Once back at camp there were escaped refugees who were trying to hide there. With most of the protesters still not back from the fence, police were coming into the camp and picking them off. I have to admit that I just watched this happen. I could have distracted and obstructed the few police who were in the camp doing this. Another example of a bad mind set and being too slow to shift out of it.

By the time it got dark I’d had an hour to really evaluate my decisions and actions. I quickly realised how poorly I’d done and why. Bad mind set, assumption of police control, scared to challenge police authority. What was the point of the campaign if it was not to challenge the power to detain people indefinitely without charge or trail? I was disappointed in myself, but I’d soon have an opportunity to make up for it.

Accepting Responsibility

Soon after sunset, one of our travelling companions, Beth, noticed two men hanging about our spot within the convergence camp. On talking with them she learned that their names were Ali and Farhod. They’d escaped from the detention centre that afternoon and had managed to avoid being arrested before dark.

Ali was an Hazara from Afghanistan. He was barely 20, if that, and had been in detention for over 18 months. Farhod was Iranian and in his early 30s. He’d been in detention for less than 12 months.

It was clear that Ali’s detention experience had been a difficult and painful one. He had scars all up and down his arms from self harming and was one of those who had previously drunk shampoo hoping that it would kill him. He’d also participated in the very serious and dangerous mass hunger strike earlier that year that had forced Immigration Minister Phillip Ruddock to restart the processing of the asylum claims of Afghanis. His time in detention had left him physically and psychologically depleted. Farhod on the other hand was psychologically relatively intact, physically OK and had better English.

Naturally our minds turned to the question of what we could do to help these two men. Everyone was thinking that at some point the police were going to raid the camp looking for escaped refugees. They’d already put up road blocks and thrown a cordon around the camp. Some activists that we knew had already been arrested trying to drive escaped refugees out of the area. Certainly we had to go home at some point, so these guys had to leave also. All over the camp there were protesters facing the same problem. What to do? How to help the refugee or two who’d somehow come into their care.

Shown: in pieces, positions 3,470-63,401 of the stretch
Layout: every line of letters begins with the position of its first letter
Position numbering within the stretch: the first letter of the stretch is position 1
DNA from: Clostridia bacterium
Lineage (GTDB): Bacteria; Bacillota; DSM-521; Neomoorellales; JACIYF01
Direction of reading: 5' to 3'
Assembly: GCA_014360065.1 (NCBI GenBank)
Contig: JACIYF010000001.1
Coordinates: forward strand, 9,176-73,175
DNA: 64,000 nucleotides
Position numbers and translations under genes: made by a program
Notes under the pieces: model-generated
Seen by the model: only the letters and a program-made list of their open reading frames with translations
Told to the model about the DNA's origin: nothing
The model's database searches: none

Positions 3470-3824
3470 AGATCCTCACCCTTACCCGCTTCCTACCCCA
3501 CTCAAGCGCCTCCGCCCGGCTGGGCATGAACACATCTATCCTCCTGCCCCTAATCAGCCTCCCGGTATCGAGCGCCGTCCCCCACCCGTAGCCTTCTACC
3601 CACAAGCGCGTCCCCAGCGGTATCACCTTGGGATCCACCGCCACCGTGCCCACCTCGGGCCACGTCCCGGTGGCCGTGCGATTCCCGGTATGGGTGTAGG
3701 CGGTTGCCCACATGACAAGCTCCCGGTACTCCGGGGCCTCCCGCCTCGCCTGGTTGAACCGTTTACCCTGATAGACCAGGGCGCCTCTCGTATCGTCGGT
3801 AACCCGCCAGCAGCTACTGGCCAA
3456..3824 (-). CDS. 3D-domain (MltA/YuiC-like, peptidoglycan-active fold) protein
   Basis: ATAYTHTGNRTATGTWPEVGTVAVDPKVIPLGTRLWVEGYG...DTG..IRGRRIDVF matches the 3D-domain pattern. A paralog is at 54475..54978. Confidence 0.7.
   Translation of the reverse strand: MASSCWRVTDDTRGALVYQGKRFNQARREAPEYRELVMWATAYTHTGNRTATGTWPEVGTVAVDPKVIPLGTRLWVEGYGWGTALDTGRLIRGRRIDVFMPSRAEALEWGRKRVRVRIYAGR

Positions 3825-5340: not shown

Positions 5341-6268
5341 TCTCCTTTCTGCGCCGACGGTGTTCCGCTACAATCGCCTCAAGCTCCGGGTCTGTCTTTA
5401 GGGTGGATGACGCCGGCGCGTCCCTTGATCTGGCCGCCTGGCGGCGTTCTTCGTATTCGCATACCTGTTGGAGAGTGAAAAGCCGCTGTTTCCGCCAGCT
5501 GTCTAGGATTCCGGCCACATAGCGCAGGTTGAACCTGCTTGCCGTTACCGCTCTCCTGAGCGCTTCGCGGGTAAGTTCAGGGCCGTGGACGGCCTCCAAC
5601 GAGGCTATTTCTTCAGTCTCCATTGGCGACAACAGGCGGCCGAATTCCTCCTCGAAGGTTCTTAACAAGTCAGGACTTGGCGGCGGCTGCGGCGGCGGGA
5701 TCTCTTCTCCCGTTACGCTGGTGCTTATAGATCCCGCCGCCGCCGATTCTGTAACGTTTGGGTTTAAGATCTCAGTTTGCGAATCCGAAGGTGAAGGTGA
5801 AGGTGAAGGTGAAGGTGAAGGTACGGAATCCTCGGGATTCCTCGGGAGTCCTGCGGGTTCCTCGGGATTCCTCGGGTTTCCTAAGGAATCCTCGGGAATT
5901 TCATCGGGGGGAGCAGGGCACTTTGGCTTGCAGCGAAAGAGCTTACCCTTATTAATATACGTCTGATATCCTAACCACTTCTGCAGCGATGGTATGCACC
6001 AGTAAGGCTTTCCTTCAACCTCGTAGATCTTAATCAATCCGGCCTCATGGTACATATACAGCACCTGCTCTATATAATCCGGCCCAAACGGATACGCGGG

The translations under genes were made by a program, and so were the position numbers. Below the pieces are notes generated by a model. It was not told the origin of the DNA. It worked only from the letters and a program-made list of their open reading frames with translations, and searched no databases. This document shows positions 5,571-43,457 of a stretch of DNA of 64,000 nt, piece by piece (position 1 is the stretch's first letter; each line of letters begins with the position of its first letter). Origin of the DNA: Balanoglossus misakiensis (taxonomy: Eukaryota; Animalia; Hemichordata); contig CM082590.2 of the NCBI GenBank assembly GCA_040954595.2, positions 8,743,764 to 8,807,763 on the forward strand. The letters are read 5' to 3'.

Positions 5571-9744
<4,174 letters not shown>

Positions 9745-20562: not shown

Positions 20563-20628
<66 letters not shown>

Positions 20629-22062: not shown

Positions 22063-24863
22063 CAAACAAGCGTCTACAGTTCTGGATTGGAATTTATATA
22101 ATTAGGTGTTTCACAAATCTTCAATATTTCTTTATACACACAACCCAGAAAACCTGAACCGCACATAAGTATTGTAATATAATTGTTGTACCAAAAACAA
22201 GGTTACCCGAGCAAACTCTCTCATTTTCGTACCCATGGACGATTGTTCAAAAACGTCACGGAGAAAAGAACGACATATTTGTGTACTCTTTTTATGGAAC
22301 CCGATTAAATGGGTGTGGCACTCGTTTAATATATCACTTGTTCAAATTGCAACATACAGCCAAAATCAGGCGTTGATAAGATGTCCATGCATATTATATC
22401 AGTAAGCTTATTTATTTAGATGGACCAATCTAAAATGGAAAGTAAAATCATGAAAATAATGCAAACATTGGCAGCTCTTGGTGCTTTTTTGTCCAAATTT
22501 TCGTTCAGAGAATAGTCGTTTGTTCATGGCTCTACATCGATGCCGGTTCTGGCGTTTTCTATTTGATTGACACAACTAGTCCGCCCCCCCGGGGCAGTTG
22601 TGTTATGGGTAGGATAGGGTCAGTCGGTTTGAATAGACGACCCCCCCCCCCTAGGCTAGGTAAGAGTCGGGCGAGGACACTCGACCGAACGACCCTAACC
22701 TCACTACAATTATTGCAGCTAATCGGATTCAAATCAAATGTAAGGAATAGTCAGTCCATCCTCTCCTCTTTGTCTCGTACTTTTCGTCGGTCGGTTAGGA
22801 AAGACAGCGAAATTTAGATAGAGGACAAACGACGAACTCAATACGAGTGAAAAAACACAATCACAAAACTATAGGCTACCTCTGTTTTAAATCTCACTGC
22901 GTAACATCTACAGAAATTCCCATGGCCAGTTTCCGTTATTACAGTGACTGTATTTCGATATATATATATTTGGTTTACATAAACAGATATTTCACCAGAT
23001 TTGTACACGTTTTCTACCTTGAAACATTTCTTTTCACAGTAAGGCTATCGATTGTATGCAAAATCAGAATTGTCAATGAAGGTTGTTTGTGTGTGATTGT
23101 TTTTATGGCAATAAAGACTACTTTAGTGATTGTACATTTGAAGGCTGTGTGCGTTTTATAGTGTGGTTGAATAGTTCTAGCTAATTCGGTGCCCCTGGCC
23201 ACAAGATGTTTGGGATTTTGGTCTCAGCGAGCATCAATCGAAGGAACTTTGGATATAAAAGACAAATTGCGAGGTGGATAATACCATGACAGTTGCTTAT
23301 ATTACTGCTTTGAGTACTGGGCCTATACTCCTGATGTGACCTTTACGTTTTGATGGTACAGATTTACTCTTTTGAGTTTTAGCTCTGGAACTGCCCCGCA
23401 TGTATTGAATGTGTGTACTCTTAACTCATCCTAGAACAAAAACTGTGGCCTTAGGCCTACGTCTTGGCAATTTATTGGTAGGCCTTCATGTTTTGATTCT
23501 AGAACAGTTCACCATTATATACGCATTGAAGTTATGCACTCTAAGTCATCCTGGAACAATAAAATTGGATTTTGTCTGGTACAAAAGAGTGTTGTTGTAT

As our little group was having a conversation about all this I became aware that I was faced with a serious dilemma. There were some really poor ideas being bandied about, mainly as a result of this all being well outside of anyone’s experience. However, it was very clear to me what the solution was. I knew I had the equipment, skills, experience and knowledge to implement the solution I had in mind. I knew there were risks in it for me and I was afraid of them. I wanted to stay quiet and say nothing. At the same time I did not want to be a hypocrite in my opposition to mandatory detention or be someone who failed to act when they had a chance to do so. When I boiled it all down the potential negative consequences to me paled into insignificance when compared to the suffering that Farhod and Ali had already endured and would probably continue to endure if I did not help them.

So I spoke up, “Someone has got to walk these guys out of here, through the police lines. They won’t make it otherwise.” Paul was incredulous “Who can do that?”, as though this was the stuff of Hollywood movies or adventure novels. Then came the difficult moment. I still had the option of just staying quiet. Instead I spoke four little words that framed the course of the entire weekend for me, and for the two men for whom we had now accepted the responsibility for helping. “I can do it”. Once I’d said it there was no backing out. My travelling companions had implicitly agreed to participate in this endeavor.

Now we just had to live up to that commitment.

Read Part Two for the conclusion to this story.